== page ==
Janice Zimmer, RN, manager of care coordination at the Children’s Hospital of Pittsburgh, adds that patient choice itself is often complicated, and limited, by managed care. "The first thing we do is check the third-party payer," she says, "because some of them have preferred agencies, and some of those are exclusive. So even though people are given the indication that they have choice, sometimes they really don’t, if there’s going to be any coverage. If you’re going to have no coverage if you choose this [home health agency] over here, but your coverage is going to cover another one completely, what are you going to pick?"
Frasca notes that physicians, who often have their own managed care contracts, also play a role in determining where patients are referred for home care. "It is the physician and the payer who primarily control where the patient is going to be served and reimbursed for their services," she says. "And under managed care, patient choice is limited to what payer they choose and, in many instances, where the physician refers them." (See related story on patient choice, p. 195.)
Barbara Bernardi, RN, BSN, MBA, an administrator at Jameson Visiting Nurses Association of Lawrence County, PA, sees the report as further evidence of "an effort to limit utilization, an effort to drive hospitals out of the home care market by insinuating there’s some kind of fraud. I know there are some hospitals that abuse that [provider choice], but sometimes it’s an [attitude] of should we take care of the patient when we know we’re the better provider? Yes, we want to offer provider choice, but we know we’re the best, so why would we refer to another?’"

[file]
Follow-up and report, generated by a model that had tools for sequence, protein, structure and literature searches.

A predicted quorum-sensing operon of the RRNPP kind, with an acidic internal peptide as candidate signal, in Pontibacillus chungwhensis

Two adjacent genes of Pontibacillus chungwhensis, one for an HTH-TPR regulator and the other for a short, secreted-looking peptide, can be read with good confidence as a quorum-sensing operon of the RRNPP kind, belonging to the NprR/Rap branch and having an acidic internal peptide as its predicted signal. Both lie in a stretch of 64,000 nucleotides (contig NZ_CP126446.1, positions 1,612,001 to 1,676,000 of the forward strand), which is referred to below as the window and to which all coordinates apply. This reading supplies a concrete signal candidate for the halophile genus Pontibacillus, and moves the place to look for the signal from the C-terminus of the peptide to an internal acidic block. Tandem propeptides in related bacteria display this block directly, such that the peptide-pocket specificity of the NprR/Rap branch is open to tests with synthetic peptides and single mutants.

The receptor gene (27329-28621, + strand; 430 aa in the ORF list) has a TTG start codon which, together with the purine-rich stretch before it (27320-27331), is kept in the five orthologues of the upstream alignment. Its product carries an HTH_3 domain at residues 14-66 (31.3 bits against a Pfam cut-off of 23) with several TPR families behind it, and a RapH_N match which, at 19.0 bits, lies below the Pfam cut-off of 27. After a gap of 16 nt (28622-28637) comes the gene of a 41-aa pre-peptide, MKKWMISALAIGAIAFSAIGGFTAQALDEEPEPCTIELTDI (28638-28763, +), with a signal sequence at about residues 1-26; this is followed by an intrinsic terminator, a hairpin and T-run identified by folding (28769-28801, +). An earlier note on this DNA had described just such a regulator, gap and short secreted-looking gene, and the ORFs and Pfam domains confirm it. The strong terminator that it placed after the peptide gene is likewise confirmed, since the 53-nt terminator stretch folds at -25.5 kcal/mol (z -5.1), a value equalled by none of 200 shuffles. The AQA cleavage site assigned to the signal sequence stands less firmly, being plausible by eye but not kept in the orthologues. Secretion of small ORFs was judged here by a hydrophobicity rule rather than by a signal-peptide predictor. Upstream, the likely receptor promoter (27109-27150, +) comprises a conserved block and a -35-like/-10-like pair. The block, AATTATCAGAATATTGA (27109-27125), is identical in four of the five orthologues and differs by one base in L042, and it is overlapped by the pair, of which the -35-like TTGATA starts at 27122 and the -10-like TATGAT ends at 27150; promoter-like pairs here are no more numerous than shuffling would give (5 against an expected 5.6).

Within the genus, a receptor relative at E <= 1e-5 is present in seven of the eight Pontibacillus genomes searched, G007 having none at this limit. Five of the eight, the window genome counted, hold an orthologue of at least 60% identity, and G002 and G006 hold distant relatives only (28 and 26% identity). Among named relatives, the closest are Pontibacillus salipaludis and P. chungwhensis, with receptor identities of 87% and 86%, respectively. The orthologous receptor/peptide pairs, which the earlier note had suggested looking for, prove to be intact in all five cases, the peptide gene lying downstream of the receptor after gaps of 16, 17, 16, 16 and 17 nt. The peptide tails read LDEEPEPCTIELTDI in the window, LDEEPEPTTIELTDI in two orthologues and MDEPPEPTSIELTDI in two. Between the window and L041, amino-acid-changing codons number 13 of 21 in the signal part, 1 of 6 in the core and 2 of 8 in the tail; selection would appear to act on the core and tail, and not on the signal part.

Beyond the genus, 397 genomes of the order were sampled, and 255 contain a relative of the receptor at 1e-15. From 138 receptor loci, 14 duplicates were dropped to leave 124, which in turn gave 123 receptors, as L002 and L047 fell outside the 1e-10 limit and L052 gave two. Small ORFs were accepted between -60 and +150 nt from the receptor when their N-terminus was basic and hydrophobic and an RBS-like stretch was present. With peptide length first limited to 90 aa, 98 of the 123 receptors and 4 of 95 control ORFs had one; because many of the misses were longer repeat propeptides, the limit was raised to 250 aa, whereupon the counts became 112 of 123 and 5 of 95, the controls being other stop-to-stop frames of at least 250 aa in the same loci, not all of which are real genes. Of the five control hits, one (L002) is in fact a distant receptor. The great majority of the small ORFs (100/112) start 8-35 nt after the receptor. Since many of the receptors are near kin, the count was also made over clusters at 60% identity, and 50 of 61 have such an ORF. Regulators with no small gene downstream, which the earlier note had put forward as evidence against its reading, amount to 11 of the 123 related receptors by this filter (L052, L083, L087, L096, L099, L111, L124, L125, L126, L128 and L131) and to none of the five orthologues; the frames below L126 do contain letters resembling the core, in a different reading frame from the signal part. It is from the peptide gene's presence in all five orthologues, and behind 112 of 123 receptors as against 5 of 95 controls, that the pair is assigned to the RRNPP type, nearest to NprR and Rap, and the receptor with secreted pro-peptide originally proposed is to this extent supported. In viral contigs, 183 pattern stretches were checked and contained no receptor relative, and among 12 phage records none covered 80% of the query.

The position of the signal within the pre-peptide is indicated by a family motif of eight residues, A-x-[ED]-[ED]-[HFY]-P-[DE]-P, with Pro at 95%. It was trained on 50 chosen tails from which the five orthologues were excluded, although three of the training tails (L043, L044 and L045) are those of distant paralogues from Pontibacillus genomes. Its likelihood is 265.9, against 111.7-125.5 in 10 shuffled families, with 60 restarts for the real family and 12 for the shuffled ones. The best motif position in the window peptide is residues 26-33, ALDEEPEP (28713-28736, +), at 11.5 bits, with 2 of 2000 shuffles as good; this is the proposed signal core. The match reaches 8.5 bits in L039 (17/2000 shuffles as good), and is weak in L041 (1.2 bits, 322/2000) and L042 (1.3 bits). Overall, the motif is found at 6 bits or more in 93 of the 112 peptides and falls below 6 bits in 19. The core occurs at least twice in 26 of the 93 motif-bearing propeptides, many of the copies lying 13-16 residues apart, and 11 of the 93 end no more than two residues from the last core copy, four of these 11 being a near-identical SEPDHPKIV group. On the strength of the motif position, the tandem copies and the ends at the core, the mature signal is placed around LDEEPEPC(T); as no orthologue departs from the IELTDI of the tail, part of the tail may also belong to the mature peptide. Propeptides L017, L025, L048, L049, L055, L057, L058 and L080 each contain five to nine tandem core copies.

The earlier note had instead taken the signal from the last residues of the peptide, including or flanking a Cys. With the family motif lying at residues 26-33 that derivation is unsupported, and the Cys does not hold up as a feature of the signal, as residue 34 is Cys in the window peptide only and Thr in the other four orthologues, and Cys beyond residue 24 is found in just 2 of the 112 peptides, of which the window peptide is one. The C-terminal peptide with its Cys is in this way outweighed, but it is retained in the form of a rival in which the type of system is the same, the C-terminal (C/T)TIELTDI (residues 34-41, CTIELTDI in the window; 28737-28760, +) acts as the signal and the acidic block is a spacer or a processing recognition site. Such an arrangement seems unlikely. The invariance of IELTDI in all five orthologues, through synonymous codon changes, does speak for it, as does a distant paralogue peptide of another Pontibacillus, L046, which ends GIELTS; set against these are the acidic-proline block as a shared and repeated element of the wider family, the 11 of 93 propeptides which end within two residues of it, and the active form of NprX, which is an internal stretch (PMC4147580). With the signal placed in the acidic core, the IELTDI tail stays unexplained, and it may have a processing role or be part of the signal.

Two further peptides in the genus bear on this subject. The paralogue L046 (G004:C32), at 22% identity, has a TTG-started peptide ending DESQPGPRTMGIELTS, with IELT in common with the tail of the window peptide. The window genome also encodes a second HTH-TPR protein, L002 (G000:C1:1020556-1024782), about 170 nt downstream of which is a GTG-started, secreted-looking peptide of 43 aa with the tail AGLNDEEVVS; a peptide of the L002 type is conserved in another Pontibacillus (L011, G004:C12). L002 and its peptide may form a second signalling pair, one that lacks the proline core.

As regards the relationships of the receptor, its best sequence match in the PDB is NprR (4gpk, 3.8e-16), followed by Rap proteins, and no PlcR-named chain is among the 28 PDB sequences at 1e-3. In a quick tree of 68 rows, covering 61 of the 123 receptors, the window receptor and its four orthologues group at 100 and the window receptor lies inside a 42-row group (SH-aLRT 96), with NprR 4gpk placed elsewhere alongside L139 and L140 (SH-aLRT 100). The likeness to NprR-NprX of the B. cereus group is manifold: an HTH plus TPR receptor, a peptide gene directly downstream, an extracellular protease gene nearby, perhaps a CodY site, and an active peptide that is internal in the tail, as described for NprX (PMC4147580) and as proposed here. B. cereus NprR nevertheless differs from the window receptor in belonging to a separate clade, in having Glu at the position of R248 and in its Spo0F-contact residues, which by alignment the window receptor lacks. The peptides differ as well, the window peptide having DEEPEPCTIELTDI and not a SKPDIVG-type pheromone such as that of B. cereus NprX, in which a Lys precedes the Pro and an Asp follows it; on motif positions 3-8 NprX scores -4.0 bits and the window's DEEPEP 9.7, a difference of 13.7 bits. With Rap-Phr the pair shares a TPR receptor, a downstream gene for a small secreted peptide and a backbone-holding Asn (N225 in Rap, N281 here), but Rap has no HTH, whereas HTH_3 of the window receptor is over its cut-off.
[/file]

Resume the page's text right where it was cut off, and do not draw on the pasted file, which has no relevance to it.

The report’s recommendations are telling. It recommends only that HCFA ensure that hospitals provide patients with a list of other home health providers in the area; provide a list of home health agencies they own; and disclose the information to HCFA.
"Any hospital that does not at least share information with the patient that there are other home health agencies in the area is remiss," Frasca says. "And I would say that most credible hospitals do this. The irony of it, though, is that hospitals do not have to share information regarding where the other ambulatory care centers are. There’s a whole list of other services that are utilized within a hospital system."
[For more information, contact:
Barbara Bernardi, RN, BSN, MBA, administrator, Jameson Visiting Nurses Association, 1211 Wilmington Ave., Newcastle, PA 16105. Telephone: (412) 656-4249.
Cathy Frasca, RN, BSN, FACHCA, vice president, home health services, South Hills Health System, Homestead, PA.
Janice Zimmer, RN, manager of care coordination at the Children’s Hospital of Pittsburgh, 3705 Fifth Ave., Pittsburgh, PA 15213. Telephone: (412) 692-6021.]